JSE-listed Nampak Group says the 11 months from October 1, 2019, to August 31, were characterised by a weak economic climate and pressure on consumers’ disposable income.
This was further exacerbated by an even more challenging period from March as lockdown measures were implemented by governments in most sectors to combat the spread of Covid-19 .
A ban on alcohol sales and restrictions on social events impacted negatively on overall volumes, but significant progress was made in reducing dollar-denominated debt, defending Nampak’s market share and developing new growth opportunities, the group notes.
A number of its sites continued to operate to the extent allowed by regulations, and Nampak says it acted swiftly in implementing safety measures to mitigate the impact of Covid-19 as best as possible.
To date, Nampak has experienced 285 Covid-19 infections across its facilities, with 274 employees having fully recovered. Two employees passed away as a result of the virus.
The pandemic resulted in reduced economic activity across all geographies and adversely impacted on the group’s profitability.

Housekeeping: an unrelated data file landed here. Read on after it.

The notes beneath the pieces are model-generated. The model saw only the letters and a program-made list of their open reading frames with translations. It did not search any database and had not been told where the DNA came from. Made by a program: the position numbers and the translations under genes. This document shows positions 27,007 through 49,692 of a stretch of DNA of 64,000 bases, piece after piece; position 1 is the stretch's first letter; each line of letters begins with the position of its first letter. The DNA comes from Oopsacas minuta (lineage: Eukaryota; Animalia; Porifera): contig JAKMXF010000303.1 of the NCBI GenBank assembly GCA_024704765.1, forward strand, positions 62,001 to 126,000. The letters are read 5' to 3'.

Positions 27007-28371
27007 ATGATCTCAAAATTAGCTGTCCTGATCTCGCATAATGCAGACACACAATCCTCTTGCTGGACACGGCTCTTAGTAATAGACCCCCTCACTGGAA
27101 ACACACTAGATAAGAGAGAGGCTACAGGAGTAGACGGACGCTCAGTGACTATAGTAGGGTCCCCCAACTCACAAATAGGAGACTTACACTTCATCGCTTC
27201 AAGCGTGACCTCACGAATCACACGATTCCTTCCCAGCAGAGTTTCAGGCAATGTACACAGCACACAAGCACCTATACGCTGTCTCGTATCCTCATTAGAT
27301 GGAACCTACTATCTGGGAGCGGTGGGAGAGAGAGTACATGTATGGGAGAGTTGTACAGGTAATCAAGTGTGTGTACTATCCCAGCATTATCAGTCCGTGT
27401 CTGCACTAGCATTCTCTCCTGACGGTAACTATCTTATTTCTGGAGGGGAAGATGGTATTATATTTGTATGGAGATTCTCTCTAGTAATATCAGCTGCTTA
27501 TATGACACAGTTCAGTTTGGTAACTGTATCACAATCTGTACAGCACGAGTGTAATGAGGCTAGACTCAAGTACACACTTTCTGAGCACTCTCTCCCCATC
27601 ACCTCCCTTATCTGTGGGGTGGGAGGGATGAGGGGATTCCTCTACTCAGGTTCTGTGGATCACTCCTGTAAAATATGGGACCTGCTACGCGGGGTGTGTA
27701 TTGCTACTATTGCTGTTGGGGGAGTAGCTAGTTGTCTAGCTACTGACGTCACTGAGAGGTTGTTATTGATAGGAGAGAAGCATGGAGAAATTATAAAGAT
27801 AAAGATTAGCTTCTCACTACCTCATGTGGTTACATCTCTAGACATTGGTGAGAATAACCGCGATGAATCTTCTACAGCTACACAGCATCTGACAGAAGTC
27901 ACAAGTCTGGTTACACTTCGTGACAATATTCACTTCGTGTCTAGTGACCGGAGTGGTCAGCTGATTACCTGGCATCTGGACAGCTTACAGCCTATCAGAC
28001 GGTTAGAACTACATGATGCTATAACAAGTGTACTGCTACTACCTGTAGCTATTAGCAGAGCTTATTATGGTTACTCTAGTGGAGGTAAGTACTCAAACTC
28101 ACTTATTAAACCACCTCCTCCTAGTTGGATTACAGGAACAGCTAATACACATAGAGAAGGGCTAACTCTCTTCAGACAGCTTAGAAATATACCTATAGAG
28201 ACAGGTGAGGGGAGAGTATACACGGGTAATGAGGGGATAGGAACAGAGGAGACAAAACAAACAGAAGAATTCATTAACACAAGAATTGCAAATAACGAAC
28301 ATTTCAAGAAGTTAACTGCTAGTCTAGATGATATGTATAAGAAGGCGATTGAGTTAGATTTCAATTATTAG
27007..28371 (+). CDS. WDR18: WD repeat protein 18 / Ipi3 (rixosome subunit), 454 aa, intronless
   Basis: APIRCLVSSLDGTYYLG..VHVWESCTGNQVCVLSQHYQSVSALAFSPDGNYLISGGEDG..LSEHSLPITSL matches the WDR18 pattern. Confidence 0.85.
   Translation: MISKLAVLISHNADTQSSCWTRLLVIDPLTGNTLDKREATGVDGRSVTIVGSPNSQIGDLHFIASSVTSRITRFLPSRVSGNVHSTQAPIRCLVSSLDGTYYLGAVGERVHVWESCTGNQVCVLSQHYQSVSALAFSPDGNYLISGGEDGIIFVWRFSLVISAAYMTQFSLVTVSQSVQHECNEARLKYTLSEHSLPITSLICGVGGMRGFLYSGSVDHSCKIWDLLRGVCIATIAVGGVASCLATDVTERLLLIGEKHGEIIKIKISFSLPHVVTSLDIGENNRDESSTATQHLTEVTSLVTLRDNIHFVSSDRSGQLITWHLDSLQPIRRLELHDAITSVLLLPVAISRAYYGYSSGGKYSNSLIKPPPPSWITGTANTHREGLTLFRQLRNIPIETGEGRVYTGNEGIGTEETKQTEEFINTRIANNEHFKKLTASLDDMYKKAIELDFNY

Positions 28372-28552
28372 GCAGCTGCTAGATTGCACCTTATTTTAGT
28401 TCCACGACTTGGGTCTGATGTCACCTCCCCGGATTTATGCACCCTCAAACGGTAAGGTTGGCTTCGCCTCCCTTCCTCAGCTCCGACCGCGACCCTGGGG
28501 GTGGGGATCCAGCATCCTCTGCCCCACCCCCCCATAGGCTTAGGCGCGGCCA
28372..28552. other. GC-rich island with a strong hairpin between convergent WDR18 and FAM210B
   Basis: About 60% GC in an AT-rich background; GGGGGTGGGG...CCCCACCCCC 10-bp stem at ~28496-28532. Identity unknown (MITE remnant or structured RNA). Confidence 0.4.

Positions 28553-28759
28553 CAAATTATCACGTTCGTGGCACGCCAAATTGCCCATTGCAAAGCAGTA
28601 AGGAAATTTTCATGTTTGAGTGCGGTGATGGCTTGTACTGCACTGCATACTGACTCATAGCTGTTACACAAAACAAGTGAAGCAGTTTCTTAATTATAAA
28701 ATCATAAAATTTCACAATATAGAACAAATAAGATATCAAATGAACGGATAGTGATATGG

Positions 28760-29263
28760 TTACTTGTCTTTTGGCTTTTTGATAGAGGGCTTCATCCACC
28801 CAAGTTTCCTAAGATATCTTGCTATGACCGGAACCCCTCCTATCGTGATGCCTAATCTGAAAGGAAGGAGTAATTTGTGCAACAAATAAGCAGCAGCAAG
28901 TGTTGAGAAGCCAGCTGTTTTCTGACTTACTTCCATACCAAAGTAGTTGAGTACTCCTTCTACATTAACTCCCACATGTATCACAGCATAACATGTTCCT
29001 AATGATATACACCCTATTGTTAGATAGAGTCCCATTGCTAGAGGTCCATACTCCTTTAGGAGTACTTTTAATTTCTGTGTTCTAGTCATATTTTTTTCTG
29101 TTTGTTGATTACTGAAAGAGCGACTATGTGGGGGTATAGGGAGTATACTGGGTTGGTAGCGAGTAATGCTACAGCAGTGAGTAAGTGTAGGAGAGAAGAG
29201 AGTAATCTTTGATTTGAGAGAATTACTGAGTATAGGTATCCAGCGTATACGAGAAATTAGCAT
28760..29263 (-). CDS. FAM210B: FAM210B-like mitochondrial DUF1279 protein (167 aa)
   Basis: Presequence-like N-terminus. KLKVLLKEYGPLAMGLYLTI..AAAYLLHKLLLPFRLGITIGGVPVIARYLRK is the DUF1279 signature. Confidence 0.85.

Trading is now gradually returning to normal as economic activity and consumer consumption patterns recover, Nampak notes.
It has renewed two substantial supply contracts with multinational customers for the supply of beverage cans for the next three years.
Further, it has secured two material contracts to supply beverage cans to new large export customers. The bulk of these secured volumes will be delivered throughout the 2021 financial year and will boost the use of the South African beverage can facilities, enthuses Nampak.
This is expected to contribute to improved earnings for the 2021 financial year and contribute significantly to closing the gap caused by the impact of Covid-19.
The group is reviewing its portfolio and its capital and funding structures. Focus continues to be on margin improvement activities and cash generation.
Given the impact of Covid-19 on normal demand patterns, the optimisation of working capital and conservative capital expenditure have been key focus areas. As a result, the group has continued to be cash positive throughout the period impacted by the pandemic.
In line with Nampak’s intention to reduce dollar-denominated debt, the R1.4-billion in net proceeds from the disposal of its Glass business and $16-million from the sale of Cartons Nigeria were used to reduce this debt by $100-million.
Nampak expects to publish its results for the financial year to September 30 on or about December 1.